Tests August 28, 2012

Quaint bookstore v glitzy chain

Suhas Cadambi
It is widely predicted that the older forms of cricket and bookselling will go the way of the dinosaur. But, like their book-loving counterparts, fans of the five-day format are a determined lot

There exists a certain type of book-lover who is particular not just about what he reads, but also where he buys it from. It is mostly people of this ilk who are responsible for keeping the cult of the 'friendly neighbourhood bookstore' going strong. Clearly, there is a certain romance associated with the local bookshop struggling to compete with the rise of a big chain counterpart; director Nora Ephron even made a well-known romantic comedy on the theme.

One might wonder why a reader should prefer the smaller, minimalist store to the giant, glitzy establishment when the latter offers essentially the same product, at superior levels of convenience. The reader would probably offer a multitude of reasons: the sense of personal belonging which you simply don't get with the larger stores, the presence of knowledgeable owners or astute staff who wouldn't need a computer to tell you if a certain book were available, the likelihood of finding a rare title, or simply the stimulating environment. This is a real-world parallel I hit upon while thinking about a seeming contradiction in cricket: the attitudes of die-hard Test cricket fans, including myself, towards the various formats of the game.

I may profess not to like it, but every year I end up watching a fair bit of the IPL anyway. I'm often asked why this is so; the best explanation I can provide is that an IPL game, at its core, is still bat versus ball, and any cricket on television is better than none at all. Yet, my feelings about the Twenty20 format persist. Perhaps it's not the league itself, but its knock-on effects - the proliferation of domestic T20 leagues, player availability, a badly compromised schedule - that leave some of us cold.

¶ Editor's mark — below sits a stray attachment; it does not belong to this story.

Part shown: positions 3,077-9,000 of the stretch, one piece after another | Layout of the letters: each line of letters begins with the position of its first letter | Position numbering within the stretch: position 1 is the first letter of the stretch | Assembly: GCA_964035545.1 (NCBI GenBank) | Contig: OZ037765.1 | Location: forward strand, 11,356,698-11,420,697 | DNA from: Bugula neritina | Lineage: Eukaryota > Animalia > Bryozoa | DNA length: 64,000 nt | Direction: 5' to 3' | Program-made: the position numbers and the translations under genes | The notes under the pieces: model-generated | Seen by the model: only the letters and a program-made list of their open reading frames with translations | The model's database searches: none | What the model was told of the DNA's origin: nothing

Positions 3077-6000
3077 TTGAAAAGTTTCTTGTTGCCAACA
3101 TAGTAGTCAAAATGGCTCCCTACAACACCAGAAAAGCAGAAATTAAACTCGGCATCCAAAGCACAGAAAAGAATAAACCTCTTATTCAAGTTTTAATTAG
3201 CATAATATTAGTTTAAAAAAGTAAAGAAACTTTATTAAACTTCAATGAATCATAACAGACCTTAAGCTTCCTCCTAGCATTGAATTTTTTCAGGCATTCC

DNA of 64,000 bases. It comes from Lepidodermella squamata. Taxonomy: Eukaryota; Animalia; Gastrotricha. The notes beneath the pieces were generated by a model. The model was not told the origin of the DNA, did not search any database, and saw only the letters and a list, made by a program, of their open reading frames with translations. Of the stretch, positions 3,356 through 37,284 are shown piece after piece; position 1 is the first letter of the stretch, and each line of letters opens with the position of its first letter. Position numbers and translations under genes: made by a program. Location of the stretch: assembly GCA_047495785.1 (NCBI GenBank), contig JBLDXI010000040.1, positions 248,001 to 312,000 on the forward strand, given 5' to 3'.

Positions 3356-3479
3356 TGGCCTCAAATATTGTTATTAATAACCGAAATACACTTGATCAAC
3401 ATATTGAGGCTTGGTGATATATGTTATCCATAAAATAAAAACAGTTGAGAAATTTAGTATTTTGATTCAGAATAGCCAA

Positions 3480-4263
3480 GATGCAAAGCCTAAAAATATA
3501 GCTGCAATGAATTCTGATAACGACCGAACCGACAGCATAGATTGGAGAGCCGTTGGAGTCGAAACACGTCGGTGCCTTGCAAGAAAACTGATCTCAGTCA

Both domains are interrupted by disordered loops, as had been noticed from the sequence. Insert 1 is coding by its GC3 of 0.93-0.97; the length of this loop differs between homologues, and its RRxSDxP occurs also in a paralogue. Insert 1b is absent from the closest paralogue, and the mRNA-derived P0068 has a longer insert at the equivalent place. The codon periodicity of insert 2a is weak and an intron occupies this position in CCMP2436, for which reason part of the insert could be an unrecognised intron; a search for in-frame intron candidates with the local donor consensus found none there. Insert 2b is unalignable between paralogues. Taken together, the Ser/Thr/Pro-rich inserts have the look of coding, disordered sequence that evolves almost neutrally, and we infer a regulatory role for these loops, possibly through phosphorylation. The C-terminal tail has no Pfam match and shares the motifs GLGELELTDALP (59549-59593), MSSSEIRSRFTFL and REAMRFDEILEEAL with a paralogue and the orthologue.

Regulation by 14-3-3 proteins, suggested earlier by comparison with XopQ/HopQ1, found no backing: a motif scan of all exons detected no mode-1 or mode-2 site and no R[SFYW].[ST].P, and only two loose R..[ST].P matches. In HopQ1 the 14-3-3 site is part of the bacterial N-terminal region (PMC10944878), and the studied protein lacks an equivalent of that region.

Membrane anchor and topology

Whatever it may be, like many others I am the proverbial passenger on the train who simply has to catch a glimpse of the game being played outside, driven by that compulsive need to know what will happen next ball. Similar to this is how the reader who swears by the smaller store can still be found leafing through a book in the bigger one; the effect of a flame on a moth.

The older ways, however, continue to inspire certain affection. Every major Indian city now boasts an IPL franchise, but the Test match still has more of a community feel to it than the league. When we were discussing the schedule for New Zealand's upcoming tour of India (Tests in Hyderabad and Bangalore), a Hyderabad-based friend insisted he would rather get tickets for the Bangalore game because "nothing beats the experience of watching a Test in your hometown". People of Bangalore feel equally strongly about the quaint Premier Bookstore, which shut down three years ago, to the extent that a documentary film has been made on the owner.

Further similarities can be uncovered. The big-chain bookstore is usually found in a bustling shopping mall, and is seemingly incomplete without additions such as a DVD section and a coffee shop. By the same token, it is difficult to imagine a T20 game without floodlights, an excitable crowd, loud music, and cheerleaders. It sure hits home with the larger public, even if the purist finds this all a bit repulsive.

It is widely predicted that the older forms of cricket and bookselling will go the way of the dinosaur. But, like their book-loving counterparts, fans of the five-day format are a determined lot. Today, any reasonably absorbing Test match, never mind the attendance figures, is a reason (or is it excuse?) for renewed optimism. The cause may be a losing one, but it is still worth fighting for.

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